I walked to her till our faces nearly touched. Her breath was warm and smelled of mint. She quivered as my shadow began to envelop her slender figure.

“My darling, how could I refuse?”

I embraced my wife. We joined hands and giggled amongst ourselves, nearly running with anticipation. When we reached the end of the street we stopped in our tracks. I shook my hand free Eliza’s. Her body was taken by fear and could not move an inch. Three scrappy migrant men stood outside the doorway to our home. The skinniest of the three caught us in the corner of his eye and nodded his head. The men sprang to life, catching me off guard with their blinding speed. One clocked me with his right hand, sending me spiraling onto the cobblestone. He positioned himself over my body and mercilessly beat into my face. With each blow came a flash of white, until it suddenly went black.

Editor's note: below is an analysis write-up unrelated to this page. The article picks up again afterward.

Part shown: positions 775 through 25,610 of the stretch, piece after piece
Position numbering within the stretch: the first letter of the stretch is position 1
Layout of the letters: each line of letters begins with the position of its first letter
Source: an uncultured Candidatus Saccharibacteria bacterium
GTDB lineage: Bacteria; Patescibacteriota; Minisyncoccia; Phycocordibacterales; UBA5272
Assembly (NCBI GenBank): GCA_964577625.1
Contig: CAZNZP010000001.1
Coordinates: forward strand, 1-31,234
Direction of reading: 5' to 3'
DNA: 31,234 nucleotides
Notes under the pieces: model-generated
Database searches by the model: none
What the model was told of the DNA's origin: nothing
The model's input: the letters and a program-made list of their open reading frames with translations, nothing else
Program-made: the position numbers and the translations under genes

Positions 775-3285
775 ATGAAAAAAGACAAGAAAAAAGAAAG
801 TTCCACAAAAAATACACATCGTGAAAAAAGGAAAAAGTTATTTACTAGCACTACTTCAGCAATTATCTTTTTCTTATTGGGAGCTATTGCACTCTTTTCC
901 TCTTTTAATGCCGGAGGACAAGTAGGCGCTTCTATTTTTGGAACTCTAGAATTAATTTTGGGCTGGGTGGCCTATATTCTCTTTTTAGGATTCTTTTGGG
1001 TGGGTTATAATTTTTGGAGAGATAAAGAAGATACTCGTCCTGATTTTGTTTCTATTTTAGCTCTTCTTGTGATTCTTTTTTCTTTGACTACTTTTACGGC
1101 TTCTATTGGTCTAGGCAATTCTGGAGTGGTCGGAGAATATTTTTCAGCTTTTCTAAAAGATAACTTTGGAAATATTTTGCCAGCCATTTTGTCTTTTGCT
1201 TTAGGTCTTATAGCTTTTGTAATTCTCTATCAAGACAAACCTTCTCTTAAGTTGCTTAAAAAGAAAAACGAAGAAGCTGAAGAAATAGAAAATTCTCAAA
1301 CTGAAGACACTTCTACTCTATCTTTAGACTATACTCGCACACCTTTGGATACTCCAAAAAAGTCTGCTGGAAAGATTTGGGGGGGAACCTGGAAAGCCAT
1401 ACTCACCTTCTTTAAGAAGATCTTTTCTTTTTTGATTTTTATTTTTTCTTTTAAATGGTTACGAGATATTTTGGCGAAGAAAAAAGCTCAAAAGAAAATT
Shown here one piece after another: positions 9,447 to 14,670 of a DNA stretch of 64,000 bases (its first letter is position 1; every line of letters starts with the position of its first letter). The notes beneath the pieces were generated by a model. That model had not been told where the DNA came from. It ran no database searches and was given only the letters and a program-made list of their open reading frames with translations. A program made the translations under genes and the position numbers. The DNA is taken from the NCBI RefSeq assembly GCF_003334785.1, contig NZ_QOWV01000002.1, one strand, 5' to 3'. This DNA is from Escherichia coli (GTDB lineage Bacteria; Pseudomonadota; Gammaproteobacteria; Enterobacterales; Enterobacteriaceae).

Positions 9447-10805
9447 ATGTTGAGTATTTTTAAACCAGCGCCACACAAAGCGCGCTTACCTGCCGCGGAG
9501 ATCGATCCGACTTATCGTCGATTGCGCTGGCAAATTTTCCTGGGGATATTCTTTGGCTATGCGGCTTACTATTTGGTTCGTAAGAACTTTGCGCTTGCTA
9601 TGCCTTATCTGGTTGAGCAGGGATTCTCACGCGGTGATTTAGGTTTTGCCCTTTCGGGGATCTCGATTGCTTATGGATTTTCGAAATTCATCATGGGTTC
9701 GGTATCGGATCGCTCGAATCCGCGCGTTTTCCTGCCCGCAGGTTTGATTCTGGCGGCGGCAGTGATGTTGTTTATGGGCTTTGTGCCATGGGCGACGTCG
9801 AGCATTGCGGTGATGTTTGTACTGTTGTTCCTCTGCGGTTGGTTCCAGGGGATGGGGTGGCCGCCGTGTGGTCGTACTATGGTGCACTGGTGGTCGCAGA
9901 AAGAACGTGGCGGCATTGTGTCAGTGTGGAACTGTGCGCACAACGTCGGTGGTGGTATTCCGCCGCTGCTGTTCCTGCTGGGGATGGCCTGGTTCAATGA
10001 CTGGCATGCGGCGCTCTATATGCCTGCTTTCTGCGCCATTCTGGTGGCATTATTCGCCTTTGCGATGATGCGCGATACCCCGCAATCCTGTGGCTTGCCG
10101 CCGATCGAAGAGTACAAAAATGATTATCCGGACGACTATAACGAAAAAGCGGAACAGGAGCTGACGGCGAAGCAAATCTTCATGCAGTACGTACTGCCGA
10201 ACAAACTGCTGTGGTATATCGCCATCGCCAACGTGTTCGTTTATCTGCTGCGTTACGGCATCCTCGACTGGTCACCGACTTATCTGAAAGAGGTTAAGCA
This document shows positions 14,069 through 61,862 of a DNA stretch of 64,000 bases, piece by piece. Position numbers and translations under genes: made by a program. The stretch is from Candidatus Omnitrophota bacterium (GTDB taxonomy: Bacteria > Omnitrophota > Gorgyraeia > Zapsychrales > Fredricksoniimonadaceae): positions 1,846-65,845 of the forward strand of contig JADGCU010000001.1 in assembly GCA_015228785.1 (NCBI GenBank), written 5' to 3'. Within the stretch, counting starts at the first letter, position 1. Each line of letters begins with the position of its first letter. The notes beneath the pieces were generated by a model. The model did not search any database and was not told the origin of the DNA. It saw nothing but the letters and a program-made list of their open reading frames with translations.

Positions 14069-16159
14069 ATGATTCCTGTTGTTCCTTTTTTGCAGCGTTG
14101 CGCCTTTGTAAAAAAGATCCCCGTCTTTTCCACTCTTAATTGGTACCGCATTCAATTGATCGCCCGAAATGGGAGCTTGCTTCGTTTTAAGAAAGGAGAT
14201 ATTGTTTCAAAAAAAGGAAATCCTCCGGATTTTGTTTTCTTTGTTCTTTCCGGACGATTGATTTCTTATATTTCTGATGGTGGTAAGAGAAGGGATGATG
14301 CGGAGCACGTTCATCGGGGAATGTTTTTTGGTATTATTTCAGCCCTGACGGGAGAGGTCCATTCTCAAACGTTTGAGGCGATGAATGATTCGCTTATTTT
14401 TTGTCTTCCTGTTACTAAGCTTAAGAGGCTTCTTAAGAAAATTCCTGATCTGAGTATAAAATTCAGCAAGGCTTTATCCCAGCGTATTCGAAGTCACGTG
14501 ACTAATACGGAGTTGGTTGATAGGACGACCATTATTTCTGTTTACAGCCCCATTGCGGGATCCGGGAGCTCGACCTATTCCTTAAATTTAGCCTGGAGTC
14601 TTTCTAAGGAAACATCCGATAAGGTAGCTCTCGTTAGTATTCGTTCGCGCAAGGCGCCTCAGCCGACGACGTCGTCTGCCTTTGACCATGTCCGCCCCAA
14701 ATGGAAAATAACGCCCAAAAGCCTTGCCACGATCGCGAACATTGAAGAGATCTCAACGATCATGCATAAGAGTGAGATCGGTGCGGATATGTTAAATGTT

I woke on a rickety wooden table surrounded by concerned faces looking down. The smell of vomit and ale wafted through the air.

“He’s alive!”

The crowd thrust their mugs into the air and cheered “Glory, glory Brigdania!”.

“Wh-what happened?” I whimpered. The pain was coming back to me.

The group quieted and averted their gaze. A cheery man with a stout red beard pushed his way to the head of the table. Obviously drunk.

“A right shame mate. Gang of migrants jumped you an the missus. Seems they got you down easy. Your lady struggled, I’m sure that’s why they cut her throat.”

The men of the inn beat him away from the table. Then looked back down at me, pity plastered their blank faces. Though sadness did not once cross my mind. It was a smoldering rage that swelled in my chest.

“Fuck the migrants. Fuck ‘em all!” I spat.

I jumped to my feet and from the squeaking table, commanded attention from the concerned people below. My pain had subsided, absorbed by sheer fury.